Jump to ContentJump to Main Navigation
Intersectional InequalityRace, Class, Test Scores, and Poverty$
Users without a subscription are not able to see the full content.

Charles C. Ragin and Peer C. Fiss

Print publication date: 2016

Print ISBN-13: 9780226414379

Published to Chicago Scholarship Online: September 2017

DOI: 10.7208/chicago/9780226414546.001.0001

Show Summary Details
Page of

PRINTED FROM CHICAGO SCHOLARSHIP ONLINE (www.chicago.universitypressscholarship.com). (c) Copyright University of Chicago Press, 2020. All Rights Reserved. An individual user may print out a PDF of a single chapter of a monograph in CHSO for personal use.date: 05 June 2020

Policy Context: Test Scores and Life Chances

Policy Context: Test Scores and Life Chances

(p.20) Two Policy Context: Test Scores and Life Chances
Intersectional Inequality

Charles C. Ragin

Peer C. Fiss

University of Chicago Press

Chapter 2 reviews the Bell Curve debate, focusing on the controversy regarding the impact of test scores on life chances. We focus especially on the competing statistical models and insights offered by Herrnstein & Murray in The Bell Curve, on the one hand and those of Fischer et al.’s Inequality By Design, on the other. The contrast between these two works illustrates the specification dependence of estimates of net effects of test scores on poverty status. Herrnstein & Murray opt for lean specification, which yields a large net effect of test scores, while Fischer et al. specify an elaborate model, yielding a much smaller net effect of test scores. This entirely predictable difference underscores the limitations of the net effects approach to policy-relevant social research.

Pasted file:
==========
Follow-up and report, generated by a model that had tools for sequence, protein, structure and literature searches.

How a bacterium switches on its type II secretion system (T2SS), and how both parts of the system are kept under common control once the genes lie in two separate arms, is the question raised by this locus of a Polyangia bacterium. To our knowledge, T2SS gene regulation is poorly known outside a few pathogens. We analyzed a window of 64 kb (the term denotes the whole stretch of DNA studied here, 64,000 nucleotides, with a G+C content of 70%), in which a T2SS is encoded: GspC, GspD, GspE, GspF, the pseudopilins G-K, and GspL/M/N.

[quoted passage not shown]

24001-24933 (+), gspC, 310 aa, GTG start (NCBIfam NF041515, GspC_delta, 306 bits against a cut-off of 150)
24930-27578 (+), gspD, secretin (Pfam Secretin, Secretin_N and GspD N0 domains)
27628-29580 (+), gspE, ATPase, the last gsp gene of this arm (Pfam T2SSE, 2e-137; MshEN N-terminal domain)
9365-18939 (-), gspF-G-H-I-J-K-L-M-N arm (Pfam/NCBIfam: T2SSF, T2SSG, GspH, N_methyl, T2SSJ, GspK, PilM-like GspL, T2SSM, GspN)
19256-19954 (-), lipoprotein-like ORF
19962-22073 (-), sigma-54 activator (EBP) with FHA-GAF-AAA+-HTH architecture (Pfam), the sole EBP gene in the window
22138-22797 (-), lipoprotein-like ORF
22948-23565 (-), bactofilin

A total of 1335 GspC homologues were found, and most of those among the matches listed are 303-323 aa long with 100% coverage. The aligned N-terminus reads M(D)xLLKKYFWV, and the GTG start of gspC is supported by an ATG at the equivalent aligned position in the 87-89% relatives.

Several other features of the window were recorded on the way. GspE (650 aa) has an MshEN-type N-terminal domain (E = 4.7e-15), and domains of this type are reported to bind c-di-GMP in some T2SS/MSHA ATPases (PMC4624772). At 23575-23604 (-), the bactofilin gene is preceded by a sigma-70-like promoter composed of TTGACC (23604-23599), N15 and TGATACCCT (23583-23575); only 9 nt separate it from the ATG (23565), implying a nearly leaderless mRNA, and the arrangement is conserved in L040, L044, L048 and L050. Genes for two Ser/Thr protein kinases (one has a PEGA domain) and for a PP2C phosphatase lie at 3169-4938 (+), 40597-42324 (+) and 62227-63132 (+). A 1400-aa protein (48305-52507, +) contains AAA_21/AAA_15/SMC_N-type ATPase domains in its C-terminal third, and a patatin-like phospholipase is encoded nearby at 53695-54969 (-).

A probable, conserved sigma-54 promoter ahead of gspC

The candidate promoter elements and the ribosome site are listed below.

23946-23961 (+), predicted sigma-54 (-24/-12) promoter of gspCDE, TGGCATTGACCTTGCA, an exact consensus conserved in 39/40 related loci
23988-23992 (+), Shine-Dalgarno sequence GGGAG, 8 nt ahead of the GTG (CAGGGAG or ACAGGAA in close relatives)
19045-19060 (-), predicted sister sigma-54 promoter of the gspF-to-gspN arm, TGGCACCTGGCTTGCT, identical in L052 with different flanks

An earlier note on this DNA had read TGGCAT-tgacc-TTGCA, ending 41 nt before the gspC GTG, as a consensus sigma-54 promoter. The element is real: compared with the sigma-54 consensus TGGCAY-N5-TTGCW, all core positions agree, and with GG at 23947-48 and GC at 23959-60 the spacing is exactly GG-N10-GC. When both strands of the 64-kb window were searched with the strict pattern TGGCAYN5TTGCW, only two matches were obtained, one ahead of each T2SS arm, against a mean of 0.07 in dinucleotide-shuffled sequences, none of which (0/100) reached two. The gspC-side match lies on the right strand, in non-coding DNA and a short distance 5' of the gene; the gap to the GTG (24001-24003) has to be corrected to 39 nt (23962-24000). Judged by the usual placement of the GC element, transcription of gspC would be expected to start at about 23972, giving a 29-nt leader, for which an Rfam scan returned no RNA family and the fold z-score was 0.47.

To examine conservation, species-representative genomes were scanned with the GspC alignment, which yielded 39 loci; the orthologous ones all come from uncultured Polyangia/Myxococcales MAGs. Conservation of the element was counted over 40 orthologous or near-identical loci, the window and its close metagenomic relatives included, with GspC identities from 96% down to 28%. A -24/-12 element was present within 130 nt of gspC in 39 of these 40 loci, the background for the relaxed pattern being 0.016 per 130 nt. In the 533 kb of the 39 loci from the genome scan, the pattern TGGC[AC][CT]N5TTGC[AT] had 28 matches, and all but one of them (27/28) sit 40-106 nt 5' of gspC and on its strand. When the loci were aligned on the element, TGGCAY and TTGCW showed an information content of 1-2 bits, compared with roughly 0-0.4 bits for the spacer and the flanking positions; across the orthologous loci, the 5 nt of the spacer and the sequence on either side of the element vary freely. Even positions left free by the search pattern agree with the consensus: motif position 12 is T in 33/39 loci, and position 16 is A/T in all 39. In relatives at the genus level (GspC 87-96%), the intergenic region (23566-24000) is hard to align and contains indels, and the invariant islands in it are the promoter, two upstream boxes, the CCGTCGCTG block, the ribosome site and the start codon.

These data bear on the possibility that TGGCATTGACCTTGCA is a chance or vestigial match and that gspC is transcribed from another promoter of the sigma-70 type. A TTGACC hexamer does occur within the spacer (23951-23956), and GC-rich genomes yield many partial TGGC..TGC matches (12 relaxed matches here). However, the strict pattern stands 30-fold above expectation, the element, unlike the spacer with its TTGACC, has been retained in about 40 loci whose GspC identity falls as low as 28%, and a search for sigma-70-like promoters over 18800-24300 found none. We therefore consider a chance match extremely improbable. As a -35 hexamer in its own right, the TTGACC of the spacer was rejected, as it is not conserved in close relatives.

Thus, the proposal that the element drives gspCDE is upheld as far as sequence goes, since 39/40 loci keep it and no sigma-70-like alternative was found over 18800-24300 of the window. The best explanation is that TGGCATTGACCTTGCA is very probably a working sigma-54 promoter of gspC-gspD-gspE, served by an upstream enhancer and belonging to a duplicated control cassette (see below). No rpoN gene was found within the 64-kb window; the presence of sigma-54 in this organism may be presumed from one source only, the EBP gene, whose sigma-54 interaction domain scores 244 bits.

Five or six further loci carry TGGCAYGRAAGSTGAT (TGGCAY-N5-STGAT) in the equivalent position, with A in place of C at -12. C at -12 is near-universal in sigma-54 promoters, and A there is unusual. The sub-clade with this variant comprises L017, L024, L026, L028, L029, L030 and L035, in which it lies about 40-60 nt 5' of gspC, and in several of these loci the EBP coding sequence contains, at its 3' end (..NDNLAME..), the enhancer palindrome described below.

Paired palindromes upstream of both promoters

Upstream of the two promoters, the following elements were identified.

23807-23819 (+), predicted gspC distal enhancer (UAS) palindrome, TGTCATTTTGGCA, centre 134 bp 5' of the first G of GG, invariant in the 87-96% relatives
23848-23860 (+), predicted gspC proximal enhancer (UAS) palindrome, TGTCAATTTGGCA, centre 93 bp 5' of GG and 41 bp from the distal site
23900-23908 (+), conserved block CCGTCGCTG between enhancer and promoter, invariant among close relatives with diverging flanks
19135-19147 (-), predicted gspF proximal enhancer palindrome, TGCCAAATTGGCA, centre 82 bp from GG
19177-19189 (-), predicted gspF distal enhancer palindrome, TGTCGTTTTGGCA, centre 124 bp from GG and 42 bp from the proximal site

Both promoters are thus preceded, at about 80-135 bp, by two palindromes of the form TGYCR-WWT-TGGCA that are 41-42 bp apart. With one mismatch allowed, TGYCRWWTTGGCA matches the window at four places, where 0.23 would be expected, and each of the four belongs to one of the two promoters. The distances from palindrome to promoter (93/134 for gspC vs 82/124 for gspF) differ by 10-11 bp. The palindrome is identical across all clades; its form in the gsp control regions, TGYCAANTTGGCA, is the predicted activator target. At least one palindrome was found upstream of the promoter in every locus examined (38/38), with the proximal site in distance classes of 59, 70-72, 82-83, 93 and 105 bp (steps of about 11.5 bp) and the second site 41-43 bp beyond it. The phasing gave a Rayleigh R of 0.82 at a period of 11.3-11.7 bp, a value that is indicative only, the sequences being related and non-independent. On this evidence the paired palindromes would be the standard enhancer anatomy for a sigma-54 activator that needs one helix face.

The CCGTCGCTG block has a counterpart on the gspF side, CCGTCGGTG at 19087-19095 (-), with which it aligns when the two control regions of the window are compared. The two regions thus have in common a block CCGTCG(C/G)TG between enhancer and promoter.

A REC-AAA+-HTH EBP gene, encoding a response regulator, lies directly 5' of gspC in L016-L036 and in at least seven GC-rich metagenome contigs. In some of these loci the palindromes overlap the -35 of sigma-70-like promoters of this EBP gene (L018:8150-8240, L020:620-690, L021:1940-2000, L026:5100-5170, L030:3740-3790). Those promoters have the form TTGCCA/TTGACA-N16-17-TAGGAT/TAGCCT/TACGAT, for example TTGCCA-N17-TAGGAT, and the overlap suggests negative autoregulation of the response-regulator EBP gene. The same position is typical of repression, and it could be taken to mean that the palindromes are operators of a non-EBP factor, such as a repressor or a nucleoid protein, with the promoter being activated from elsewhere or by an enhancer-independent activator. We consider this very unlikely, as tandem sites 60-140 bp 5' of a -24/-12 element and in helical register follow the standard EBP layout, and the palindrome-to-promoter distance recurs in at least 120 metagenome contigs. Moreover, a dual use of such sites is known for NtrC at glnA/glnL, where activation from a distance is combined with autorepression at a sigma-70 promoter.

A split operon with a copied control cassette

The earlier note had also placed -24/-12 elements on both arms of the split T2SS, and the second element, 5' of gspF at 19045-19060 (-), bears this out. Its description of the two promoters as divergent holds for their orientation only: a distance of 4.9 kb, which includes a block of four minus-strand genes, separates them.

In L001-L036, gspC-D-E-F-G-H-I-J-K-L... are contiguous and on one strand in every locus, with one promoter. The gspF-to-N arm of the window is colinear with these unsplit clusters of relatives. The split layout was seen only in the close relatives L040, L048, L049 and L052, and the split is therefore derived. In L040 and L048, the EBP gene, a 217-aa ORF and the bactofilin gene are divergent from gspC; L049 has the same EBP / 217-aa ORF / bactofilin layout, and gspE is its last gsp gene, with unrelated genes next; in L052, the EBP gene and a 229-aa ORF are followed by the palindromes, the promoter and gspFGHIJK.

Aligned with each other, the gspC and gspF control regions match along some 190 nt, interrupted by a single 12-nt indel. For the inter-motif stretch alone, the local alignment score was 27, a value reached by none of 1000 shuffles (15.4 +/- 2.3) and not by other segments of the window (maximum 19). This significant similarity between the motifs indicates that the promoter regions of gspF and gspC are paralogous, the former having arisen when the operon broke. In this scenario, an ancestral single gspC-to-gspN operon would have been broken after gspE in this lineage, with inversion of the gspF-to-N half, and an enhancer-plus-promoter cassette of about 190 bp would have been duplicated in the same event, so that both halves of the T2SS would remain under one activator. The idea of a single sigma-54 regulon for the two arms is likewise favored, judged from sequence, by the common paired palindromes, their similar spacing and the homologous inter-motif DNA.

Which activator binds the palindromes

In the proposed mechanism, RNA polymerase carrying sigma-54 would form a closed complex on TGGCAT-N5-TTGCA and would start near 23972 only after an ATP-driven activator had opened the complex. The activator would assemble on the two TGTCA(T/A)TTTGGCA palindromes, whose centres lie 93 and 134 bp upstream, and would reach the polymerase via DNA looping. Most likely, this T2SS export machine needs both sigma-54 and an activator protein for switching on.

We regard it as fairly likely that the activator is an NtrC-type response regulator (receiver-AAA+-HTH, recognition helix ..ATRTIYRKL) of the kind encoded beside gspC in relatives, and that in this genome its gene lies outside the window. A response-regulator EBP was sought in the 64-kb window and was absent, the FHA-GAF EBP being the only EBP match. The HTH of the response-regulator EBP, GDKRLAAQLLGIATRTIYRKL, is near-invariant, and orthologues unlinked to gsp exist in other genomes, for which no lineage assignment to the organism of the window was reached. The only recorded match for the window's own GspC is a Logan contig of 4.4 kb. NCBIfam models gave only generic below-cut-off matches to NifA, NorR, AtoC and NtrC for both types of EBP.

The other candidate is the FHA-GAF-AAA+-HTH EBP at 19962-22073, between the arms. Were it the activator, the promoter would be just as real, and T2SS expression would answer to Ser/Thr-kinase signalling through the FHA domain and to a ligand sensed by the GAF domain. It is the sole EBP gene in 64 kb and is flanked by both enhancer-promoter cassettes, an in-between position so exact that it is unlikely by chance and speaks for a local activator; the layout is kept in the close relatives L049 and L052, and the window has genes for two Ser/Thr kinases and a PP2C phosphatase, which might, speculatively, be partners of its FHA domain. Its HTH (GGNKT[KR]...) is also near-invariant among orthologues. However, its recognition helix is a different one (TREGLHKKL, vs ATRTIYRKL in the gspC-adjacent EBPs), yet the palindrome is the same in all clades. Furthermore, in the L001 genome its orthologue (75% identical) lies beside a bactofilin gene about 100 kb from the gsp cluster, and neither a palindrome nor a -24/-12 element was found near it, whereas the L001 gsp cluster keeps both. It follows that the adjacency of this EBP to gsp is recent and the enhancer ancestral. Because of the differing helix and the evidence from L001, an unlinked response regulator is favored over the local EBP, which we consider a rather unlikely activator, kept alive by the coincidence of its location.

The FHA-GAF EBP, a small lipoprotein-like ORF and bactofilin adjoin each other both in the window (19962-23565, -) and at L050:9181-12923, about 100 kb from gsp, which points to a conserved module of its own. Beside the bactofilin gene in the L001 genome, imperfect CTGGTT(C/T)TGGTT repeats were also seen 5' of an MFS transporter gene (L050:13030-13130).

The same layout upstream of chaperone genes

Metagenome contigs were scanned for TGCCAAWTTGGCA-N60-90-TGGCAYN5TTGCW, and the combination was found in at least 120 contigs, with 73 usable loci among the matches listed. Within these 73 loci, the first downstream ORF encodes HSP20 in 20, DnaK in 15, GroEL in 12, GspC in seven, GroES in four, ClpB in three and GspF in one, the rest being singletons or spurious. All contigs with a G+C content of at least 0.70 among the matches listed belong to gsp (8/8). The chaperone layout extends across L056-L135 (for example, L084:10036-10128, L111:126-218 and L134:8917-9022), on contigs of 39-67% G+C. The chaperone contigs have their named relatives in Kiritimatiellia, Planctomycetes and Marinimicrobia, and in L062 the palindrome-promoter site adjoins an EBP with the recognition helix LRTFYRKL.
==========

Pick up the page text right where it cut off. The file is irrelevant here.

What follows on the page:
Keywords:   poverty, income inequality, social policy, test score gap, racial differences, gender differences, intelligence tests, effect sizes, model specification, The Bell Curve

Chicago Scholarship Online requires a subscription or purchase to access the full text of books within the service. Public users can however freely search the site and view the abstracts and keywords for each book and chapter.

Please, subscribe or login to access full text content.

If you think you should have access to this title, please contact your librarian.

To troubleshoot, please check our FAQs, and if you can't find the answer there, please contact us.